Croatia is a popular tourist destination for South Africans, and some options are available for those wishing to stay longer and work remotely. You will have to meet Croatia visa entry requirements for South Africans, then submit an application for temporary stay that meets specific requirements. You can expect to pay upwards of R3,500 in submission and administration fees.
The Czech Republic offers a entrepreneurship visa for those “who intend to run a business or be independent, statutory body or member of a statutory body of a company”. Applicants must complete several steps, including an in-person interview with the consulate and proof of financial means. This allows digital nomads and other freelancers to stay in the country for up to a year.
It is possible to live and work in Dubai for up to a year under its new virtual work program. Applicants must have valid health insurance in the UAE, employees must show proof of employment of R85,000 per month and business owners must show proof of a business of one year or more with a minimum income of R85 000 rand.
The Estonia digital nomad visa allows successful applicants to stay in this country for up to one year. Applicants must have valid health insurance, provide proof of at least R60,000 and pay a visa fee of R1,700.
For some time, South Africans have been able to enter Georgia without a visa and stay there for up to a year. Although Georgia launched its Far from Georgia digital nomad program during the pandemic, this does not appear to have significant benefits or changes to the existing relationship with South African visitors.
Germany offers a three-month residence permit for self-employed and freelancers, often referred to as the German Independent Visa, which can be extended for up to three years. South Africans must apply for a visa at a local German consulate, travel to the country, and then submit additional documents for a residence permit.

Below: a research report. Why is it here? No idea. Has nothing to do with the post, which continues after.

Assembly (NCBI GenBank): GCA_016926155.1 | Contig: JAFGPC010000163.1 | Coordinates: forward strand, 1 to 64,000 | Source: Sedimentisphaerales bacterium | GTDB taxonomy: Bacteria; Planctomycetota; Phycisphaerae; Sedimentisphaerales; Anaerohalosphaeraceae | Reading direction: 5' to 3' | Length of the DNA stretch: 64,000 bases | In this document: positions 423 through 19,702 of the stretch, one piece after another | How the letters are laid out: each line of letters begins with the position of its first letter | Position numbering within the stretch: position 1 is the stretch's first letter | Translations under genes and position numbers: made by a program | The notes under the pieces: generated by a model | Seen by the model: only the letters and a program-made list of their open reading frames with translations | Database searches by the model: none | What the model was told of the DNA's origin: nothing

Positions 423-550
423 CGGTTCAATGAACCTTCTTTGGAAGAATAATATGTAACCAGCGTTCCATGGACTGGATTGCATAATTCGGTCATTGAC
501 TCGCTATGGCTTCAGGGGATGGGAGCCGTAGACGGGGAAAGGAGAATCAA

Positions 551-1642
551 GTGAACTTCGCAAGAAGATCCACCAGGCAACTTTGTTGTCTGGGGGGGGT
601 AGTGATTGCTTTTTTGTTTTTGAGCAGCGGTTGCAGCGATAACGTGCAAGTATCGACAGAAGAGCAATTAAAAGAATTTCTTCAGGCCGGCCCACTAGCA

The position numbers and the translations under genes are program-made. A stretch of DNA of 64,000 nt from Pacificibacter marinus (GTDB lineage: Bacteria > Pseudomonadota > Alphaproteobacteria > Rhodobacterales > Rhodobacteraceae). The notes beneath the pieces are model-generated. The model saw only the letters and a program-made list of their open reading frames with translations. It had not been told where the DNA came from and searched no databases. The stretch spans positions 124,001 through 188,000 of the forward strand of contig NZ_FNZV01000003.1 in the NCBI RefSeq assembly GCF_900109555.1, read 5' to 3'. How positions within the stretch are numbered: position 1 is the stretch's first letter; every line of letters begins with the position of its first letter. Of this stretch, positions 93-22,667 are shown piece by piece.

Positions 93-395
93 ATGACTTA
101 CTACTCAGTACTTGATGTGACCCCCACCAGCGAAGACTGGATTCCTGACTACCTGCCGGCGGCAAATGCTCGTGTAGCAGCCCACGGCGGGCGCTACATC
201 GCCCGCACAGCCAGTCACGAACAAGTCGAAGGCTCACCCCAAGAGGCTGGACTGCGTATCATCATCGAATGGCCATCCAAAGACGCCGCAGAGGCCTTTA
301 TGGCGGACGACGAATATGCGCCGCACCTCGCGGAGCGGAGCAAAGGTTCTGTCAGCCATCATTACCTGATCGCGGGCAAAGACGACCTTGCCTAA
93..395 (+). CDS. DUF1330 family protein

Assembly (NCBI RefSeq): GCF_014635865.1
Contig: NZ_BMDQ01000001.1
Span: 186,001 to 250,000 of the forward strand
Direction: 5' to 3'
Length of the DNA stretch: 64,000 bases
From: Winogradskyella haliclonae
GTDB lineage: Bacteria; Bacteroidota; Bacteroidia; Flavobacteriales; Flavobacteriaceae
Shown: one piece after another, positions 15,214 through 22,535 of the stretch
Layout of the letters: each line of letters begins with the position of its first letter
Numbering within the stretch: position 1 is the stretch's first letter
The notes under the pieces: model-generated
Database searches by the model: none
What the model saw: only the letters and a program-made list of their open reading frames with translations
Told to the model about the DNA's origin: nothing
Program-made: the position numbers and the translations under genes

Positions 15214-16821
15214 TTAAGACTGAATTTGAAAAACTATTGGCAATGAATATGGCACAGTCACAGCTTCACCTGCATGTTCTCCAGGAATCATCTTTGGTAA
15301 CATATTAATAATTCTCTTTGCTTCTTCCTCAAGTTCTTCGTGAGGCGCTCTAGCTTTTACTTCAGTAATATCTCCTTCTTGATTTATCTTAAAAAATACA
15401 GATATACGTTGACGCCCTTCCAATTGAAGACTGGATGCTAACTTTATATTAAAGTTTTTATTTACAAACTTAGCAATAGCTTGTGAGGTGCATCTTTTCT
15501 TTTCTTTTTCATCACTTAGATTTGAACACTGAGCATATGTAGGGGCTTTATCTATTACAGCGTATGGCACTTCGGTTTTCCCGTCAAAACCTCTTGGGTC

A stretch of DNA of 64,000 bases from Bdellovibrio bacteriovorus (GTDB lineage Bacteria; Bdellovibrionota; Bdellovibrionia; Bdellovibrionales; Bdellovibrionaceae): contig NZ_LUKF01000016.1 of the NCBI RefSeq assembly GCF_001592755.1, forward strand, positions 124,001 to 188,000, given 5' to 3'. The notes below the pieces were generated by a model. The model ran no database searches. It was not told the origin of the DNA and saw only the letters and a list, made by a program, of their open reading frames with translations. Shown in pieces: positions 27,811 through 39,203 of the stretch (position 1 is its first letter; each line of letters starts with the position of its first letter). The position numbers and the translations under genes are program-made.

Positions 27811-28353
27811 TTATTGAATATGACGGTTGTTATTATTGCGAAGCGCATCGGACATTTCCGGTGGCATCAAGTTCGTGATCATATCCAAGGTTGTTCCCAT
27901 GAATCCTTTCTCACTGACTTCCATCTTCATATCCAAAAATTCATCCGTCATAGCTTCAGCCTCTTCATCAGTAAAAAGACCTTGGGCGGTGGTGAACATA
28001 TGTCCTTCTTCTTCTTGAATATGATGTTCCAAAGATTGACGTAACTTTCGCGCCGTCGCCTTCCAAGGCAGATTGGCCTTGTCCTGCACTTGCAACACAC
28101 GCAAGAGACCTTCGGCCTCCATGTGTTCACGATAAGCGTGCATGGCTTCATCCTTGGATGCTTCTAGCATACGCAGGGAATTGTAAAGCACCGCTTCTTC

Greece now offers a new digital nomad visa which allows people, including the self-employed, to live and work in this country for up to one year. Applicants must submit proof of at least R60,000 income per month. If the first year goes well, digital nomads can apply for a digital nomad residence permit valid for two years.
Malta has launched a nomadic residence permit which allows digital nomads to live and work in the archipelago for up to a year. The permit is open to people who generally require a visa to enter Malta. It requires proof of a gross monthly income of R46,000, valid travel documents, health insurance, background check and property rental agreement.
Mauritius offers a Premium Visa encourage foreigners to visit the island as long-term tourists. The visa is valid for one year, is renewable and costs nothing. Successful applicants are not eligible to enter the Mauritian labor market, primary income and earnings must be outside the country, and they must provide basic documentary evidence to support the application.
from Mexico temporary resident visa allows successful applicants to live and work remotely in that country for up to one year. There are several requirements for passing, including demonstrating economic solvency of R725,000 earned in the previous 12 months or a monthly income of R44,000.
Norway allows digital nomads to live in this country for up to two years under its independent entrepreneur visa. Applicants must provide proof of a business outside of Norway and earn at least R610,000 per year, among other requirements.
from Portugal D7 Residence Visa is intended for those who wish to obtain a residence permit in Portugal. It allows successful applicants to stay in Portugal for one year, can be renewed for successive periods of two years and can be converted into a permanent residence permit five years later.